KLLO - MAYBE WE COULD (Colored Vinyl) LP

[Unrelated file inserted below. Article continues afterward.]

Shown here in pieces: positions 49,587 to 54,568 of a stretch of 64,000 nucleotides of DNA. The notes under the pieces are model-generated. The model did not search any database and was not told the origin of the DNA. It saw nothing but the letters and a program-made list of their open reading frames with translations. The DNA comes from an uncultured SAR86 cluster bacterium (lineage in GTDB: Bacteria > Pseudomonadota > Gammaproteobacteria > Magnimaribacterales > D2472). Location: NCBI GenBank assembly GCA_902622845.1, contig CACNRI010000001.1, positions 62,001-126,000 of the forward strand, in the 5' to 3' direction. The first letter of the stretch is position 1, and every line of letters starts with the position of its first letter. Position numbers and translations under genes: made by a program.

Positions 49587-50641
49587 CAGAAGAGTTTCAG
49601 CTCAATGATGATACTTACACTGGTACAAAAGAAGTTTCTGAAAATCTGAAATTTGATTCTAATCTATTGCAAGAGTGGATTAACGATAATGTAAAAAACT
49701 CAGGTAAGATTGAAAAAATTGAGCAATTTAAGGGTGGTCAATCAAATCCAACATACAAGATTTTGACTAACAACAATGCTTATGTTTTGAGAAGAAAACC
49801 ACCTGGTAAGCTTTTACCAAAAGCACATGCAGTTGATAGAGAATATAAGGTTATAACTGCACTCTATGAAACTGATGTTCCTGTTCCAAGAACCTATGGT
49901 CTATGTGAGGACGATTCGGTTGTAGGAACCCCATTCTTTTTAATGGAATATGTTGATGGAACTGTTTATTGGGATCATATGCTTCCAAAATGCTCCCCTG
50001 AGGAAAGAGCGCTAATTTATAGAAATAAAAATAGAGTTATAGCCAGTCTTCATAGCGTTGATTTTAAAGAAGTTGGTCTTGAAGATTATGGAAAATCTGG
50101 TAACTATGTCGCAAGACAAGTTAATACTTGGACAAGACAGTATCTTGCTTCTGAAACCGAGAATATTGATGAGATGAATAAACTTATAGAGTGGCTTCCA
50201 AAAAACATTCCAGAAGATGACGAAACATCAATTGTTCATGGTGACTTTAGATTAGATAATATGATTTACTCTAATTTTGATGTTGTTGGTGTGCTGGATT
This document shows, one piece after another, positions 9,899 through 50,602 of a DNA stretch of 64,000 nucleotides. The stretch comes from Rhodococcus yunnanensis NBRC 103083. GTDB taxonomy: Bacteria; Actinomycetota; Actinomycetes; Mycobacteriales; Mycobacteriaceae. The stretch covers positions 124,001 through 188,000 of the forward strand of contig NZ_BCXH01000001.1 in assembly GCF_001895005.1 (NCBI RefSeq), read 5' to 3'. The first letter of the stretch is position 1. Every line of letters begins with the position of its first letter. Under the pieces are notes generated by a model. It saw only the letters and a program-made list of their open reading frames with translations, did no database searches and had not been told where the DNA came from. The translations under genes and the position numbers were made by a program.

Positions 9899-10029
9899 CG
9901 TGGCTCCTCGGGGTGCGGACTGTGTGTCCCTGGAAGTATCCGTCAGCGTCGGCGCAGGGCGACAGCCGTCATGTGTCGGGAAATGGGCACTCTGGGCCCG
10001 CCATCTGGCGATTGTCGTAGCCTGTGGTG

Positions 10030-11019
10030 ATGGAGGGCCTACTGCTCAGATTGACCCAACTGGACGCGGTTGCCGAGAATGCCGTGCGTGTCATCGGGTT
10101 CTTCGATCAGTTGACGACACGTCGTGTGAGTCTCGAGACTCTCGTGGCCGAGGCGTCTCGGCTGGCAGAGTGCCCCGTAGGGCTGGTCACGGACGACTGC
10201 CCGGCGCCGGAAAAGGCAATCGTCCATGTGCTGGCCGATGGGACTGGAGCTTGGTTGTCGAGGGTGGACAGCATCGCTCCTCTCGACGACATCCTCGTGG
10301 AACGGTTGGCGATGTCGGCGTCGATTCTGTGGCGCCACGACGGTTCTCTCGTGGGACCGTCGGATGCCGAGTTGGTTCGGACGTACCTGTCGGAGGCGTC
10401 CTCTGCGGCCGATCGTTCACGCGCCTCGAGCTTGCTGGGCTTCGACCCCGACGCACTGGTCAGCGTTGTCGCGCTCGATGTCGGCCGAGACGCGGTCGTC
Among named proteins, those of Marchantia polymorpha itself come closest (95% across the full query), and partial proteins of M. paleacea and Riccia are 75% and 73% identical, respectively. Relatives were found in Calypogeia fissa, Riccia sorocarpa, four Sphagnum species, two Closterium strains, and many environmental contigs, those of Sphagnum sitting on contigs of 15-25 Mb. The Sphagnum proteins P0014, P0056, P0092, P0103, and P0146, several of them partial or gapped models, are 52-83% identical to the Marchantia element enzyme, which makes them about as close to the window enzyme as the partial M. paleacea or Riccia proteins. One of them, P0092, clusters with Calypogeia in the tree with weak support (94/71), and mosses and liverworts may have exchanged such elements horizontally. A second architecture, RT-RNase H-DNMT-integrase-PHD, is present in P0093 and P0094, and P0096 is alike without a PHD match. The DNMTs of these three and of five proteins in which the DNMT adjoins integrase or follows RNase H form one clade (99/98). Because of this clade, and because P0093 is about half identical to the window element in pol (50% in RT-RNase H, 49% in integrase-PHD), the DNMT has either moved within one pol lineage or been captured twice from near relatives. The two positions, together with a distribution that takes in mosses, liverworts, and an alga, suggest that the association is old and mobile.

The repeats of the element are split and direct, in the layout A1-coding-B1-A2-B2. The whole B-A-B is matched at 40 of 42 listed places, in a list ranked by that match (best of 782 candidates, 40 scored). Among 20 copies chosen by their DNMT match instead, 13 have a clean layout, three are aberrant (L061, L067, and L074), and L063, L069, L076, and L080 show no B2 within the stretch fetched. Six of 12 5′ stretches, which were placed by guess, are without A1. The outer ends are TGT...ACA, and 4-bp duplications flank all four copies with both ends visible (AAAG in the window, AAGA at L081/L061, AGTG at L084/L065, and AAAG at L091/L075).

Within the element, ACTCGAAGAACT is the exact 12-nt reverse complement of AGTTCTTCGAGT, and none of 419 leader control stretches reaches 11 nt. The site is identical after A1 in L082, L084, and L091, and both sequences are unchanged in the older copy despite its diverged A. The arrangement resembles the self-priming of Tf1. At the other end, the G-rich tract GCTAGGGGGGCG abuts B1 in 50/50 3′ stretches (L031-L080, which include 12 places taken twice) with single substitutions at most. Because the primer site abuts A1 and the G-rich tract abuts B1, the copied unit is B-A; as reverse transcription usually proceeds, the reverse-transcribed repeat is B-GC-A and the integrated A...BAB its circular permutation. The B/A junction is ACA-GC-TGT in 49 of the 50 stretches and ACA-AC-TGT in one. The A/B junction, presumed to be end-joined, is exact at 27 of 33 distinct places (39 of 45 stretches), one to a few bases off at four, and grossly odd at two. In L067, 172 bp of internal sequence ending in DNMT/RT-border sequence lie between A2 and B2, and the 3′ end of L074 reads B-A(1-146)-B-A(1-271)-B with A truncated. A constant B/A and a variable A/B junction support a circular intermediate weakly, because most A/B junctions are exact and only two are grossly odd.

Time and distance can offer perspective. For Kllo (rhymes with "flow"), the electronic pop collaboration of Melbourne cousins Chloe Kaul and Simon Lam, applying these parameters was necessary to get through the near-dissolution of their band. Following Kllo’s adored full-length debut Backwater in 2017, the duo toured the world twice over and shared a handful of standalone singles reflecting an evolved mode in their songwriting, a confluence of silky balladry and smooth bangers. But when it came time to make their next record, nothing clicked. Feeling overworked and out of sync, they abandoned recording sessions at the end of 2018, each going their own way without setting any plans to regroup. Kaul spent time in Los Angeles where she explored solo and collaborative work; Lam traveled as well, releasing music under his solo alias and producing for other artists. The experiences served as a reset, giving them space to learn separately, and, ultimately, to appreciate what they have together. Largely written and recorded upon their return, Maybe We Could signals a new start for Kllo. Ten tracks pairing the rhythms of dance music to emotive chords and melodies; revealing two artists at their strongest yet most vulnerable, operating as their truest selves, honest with each other and their craft."Kllo was kind of our whole lives, all consumingly. Now we can see it from the outside, as a project that is part of our lives," says Lam. "We needed that break, it was a healthy detachment," adds Kaul. "Writing with others has helped me realize that we figured out our sound straight away, from the first EP, naturally. I didn’t know how hard it was to get that with just anyone." Songs on Maybe We Could grapple with familiar dynamics: unrequited love, doubts, desires, and decisions. Musically, the album finds Kllo following their impulses, embracing a more subdued and nuanced tone. "A lot of it is more downtempo because we naturally gravitate towards that," says Lam. He continues, "In the past, we’ve tried to speed things up and push away from that... but now we're sitting where it feels comfortable to us. Comfortable but also daring, because we know it’s not as polished in certain ways." Kaul expands, "We’re doing us, we’re doing Kllo. We’re a bit older now. We aren’t compromising as much on this album. It's a little bit classier and more tasteful this time around.""Still Here" strikes the balance Kllo speaks of. An experiment in tempo, the track began as a piano ballad before they added ‘90s rave-style drums underneath. "It took us a lot of time to trust in this decision," says Kaul. "Here is us trying to take that combination as far as we can, fusing two styles of music that we love," says Lam. In the lyrics, Kaul outlines unwavering dedication in the midst of despair. "Let’s keep on learning," she sings, echoing the line "I’m not going anywhere" into a bright, euphoric chorus. "Insomnia" simmers in a similar melancholy, skittering steely beats around tender keys. It’s one of the few songs written from separate locations when both artists were in North America independently, and its feeling reflects a sense of jet-lagged joy and displacement, the "high highs, low lows" as one line goes.The album’s apex is “Somehow,” a swirling dance track undercut by an imbalanced relationship. Left to do the heavy-lifting, the narrator expresses her frustrations as club-ready percussion and synth lines spiral out of stasis. The dialogue continues on "Ironhand," a pointed, bittersweet R&B ode to the fear of loss and change. "This song was written at a point in my life when I began to be more discerning of the costs vs. gains in certain relationships in my life," says Kaul. Maybe We Could mirrors the progression and growth of the two artists behind a singular project. The title references a phrase they repeat often when recording. A collective strategy towards facing uncertainty, taking chances, and making choices. Ones that become more deliberate as time rolls on. Lam sums it up, "It’s like the album started off with 'maybe' and ended with 'definitely.’"